The newly appointed United Nations High Commissioner for Human Rights says she comes to her work with a personal understanding of human rights violations, based on her experience of living in South Africa during the apartheid regime when non-whites such as herself suffered from institutionalized discrimination.
“I think I come with a real understanding of what it’s like to have your human rights violated and to have it violated for a very long time without any justice in sight, and the apartheid struggle taught that,” Navanethem Pillay said today in an interview with UN Radio.
Ms. Pillay, who is due to take up her post in Geneva on 1 September, said that leadership in her home country had been critical in bringing about dramatic change for the better.
She went on to cite the establishment of the Human Rights Council, where she said Member States now subscribe to the notion of accountability, monitoring and peer reviews, as an example of dramatic change that had taken place globally in the human rights field.
Noting that her predecessor Louise Arbour had established human rights offices in 50 countries, Ms. Pillay said she wanted to take that work forward.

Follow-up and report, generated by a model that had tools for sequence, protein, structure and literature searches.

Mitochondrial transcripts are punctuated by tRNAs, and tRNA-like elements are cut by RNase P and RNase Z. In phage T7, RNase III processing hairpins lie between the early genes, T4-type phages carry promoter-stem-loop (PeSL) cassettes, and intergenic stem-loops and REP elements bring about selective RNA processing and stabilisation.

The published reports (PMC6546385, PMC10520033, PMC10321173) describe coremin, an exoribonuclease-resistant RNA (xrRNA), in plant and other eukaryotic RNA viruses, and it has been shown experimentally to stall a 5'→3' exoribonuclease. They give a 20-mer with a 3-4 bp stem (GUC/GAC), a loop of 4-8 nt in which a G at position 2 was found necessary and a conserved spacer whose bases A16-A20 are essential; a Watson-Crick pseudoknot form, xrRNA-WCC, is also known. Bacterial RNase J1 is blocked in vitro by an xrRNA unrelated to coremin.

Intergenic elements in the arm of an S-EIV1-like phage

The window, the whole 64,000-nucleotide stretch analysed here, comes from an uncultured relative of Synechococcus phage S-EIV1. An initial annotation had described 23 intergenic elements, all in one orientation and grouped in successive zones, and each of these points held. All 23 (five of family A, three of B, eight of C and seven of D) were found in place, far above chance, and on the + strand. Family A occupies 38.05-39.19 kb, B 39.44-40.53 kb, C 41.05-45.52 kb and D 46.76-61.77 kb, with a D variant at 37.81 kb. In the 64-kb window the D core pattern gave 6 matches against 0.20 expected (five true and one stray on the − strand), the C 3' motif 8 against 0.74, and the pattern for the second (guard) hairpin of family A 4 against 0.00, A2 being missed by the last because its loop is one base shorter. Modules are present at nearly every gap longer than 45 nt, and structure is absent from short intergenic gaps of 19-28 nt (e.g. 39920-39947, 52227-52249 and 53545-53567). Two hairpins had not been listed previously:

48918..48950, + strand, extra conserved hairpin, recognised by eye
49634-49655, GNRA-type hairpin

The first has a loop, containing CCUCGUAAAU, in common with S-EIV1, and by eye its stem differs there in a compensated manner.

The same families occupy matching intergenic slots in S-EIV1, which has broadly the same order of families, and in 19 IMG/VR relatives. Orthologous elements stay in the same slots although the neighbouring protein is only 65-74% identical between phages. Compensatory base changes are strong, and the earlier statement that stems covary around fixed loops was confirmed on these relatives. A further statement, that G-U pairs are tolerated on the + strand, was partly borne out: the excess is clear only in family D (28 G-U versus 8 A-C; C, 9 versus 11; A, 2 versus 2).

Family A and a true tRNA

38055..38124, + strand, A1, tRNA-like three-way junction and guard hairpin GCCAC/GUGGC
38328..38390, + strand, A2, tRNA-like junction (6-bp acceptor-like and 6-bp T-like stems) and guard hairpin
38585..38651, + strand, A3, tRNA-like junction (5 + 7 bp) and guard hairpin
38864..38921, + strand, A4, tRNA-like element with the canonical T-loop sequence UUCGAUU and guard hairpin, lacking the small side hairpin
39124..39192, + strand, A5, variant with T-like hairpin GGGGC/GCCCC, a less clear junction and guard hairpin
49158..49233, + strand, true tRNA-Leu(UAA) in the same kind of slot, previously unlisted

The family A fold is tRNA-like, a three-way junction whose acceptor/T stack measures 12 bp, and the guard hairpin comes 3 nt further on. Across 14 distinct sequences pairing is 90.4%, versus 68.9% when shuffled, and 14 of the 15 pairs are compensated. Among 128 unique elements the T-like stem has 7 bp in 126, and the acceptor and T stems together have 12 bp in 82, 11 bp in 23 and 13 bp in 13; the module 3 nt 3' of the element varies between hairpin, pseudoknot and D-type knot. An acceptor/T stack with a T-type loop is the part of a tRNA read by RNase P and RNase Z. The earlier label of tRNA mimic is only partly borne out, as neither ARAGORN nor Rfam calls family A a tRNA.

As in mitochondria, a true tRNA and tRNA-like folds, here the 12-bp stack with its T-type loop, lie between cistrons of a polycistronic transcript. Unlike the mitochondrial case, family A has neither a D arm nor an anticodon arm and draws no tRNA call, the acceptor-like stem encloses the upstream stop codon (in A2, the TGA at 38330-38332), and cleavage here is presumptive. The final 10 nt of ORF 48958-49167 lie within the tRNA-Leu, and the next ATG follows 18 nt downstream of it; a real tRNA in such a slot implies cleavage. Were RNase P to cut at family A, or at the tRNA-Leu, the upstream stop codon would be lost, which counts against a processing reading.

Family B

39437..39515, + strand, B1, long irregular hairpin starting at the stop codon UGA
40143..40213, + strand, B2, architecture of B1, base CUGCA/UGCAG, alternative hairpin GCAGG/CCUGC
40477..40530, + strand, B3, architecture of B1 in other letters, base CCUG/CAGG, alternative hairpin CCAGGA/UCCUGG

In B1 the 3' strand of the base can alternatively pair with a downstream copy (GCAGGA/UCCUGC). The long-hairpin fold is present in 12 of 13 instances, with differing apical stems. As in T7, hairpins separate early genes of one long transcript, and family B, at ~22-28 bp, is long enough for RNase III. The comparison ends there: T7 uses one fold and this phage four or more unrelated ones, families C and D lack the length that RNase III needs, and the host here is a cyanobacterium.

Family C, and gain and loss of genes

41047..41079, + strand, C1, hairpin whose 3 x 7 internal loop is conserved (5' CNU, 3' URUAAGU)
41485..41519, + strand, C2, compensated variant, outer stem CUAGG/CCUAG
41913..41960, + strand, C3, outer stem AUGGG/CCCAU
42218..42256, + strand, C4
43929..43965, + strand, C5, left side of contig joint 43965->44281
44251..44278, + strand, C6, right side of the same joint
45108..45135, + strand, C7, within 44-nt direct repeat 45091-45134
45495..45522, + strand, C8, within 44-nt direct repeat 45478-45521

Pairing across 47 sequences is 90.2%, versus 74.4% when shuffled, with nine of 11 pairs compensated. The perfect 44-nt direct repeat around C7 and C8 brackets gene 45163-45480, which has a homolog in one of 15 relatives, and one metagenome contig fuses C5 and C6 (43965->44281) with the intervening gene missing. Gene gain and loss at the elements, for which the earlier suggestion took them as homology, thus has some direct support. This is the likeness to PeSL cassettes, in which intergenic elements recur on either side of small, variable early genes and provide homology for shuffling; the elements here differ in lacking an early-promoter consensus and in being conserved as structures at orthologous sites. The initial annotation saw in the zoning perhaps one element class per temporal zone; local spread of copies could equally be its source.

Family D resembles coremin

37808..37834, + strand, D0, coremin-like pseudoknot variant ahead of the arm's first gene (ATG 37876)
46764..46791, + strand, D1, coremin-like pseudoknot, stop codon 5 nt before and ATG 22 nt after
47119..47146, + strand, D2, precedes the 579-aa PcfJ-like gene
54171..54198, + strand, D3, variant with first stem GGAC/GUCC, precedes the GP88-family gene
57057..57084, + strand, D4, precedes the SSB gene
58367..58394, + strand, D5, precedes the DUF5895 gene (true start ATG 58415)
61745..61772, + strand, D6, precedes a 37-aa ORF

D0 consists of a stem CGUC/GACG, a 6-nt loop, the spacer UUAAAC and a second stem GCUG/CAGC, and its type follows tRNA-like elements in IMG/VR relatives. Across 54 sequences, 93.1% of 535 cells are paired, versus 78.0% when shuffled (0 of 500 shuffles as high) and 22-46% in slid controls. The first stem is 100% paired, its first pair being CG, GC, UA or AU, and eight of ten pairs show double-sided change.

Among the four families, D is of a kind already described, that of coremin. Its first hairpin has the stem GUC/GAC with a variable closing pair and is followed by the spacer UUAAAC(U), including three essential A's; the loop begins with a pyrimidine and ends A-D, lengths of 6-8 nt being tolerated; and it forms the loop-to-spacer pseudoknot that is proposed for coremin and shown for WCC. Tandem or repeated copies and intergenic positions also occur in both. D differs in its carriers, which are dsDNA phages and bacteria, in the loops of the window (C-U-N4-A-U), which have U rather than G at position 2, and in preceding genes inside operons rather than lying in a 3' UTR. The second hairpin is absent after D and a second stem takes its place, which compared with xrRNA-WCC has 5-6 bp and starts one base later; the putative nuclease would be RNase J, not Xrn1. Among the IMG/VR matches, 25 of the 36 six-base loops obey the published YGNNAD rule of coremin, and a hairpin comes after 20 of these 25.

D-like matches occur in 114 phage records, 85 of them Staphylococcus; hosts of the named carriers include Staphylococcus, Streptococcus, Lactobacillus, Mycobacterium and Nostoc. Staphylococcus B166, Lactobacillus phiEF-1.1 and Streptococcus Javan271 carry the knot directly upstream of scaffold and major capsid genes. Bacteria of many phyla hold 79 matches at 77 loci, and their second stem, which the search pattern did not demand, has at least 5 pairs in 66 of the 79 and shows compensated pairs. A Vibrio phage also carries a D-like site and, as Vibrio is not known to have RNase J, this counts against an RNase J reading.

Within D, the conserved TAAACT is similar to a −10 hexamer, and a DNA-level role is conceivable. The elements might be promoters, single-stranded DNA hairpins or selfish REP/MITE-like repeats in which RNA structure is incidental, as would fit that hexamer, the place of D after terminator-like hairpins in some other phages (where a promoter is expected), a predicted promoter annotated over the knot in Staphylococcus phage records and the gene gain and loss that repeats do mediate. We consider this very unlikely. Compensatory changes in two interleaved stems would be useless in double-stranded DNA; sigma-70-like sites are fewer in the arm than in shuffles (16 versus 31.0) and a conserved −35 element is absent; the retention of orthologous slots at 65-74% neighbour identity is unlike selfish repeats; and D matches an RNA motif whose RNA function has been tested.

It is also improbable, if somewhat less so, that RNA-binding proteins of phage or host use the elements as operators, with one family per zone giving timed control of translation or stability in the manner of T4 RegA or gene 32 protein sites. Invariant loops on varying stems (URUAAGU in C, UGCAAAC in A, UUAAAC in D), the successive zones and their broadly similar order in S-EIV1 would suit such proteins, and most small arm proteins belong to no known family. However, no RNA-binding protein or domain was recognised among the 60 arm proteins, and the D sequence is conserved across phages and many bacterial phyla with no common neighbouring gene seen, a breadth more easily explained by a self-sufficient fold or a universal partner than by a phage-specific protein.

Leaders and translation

“I see these as progressive trends which would advance the work of the High Commissioner in protecting human rights everywhere.”
She said that nations now took human rights with the seriousness that they deserved, drawing on her experience of serving as a Judge on the International Criminal Court (ICC) since 2003, and before that as both Judge and President on the UN International Criminal Tribunal for Rwanda (ICTR), which she joined in 1995.
“My experience as an international judge is where political leadership has been brought to account for complicity in some very grave international crimes such as genocide, crimes against humanity and war crimes. I was on the panel of judges that sentenced the Prime Minister of Rwanda to life imprisonment for the offense of genocide,” she noted.
“I subscribe to this new system of international criminal justice system which we have only very recently, for the past fifteen years, as a strong signal that impunity will be ended and that anyone, whether a head of state or a militia leader, will be held accountable and punished.”
The High Commissioner acknowledged that she would have to operate in a different manner in her new post from her previous work for criminal tribunals, even though she said there were close links between the two activities.
“The criminal trials have the power to punish, the High Commissioner has to find various approaches of persuasion, of strong talk, or to develop civil society organizations to meet this source of the violations,” she said.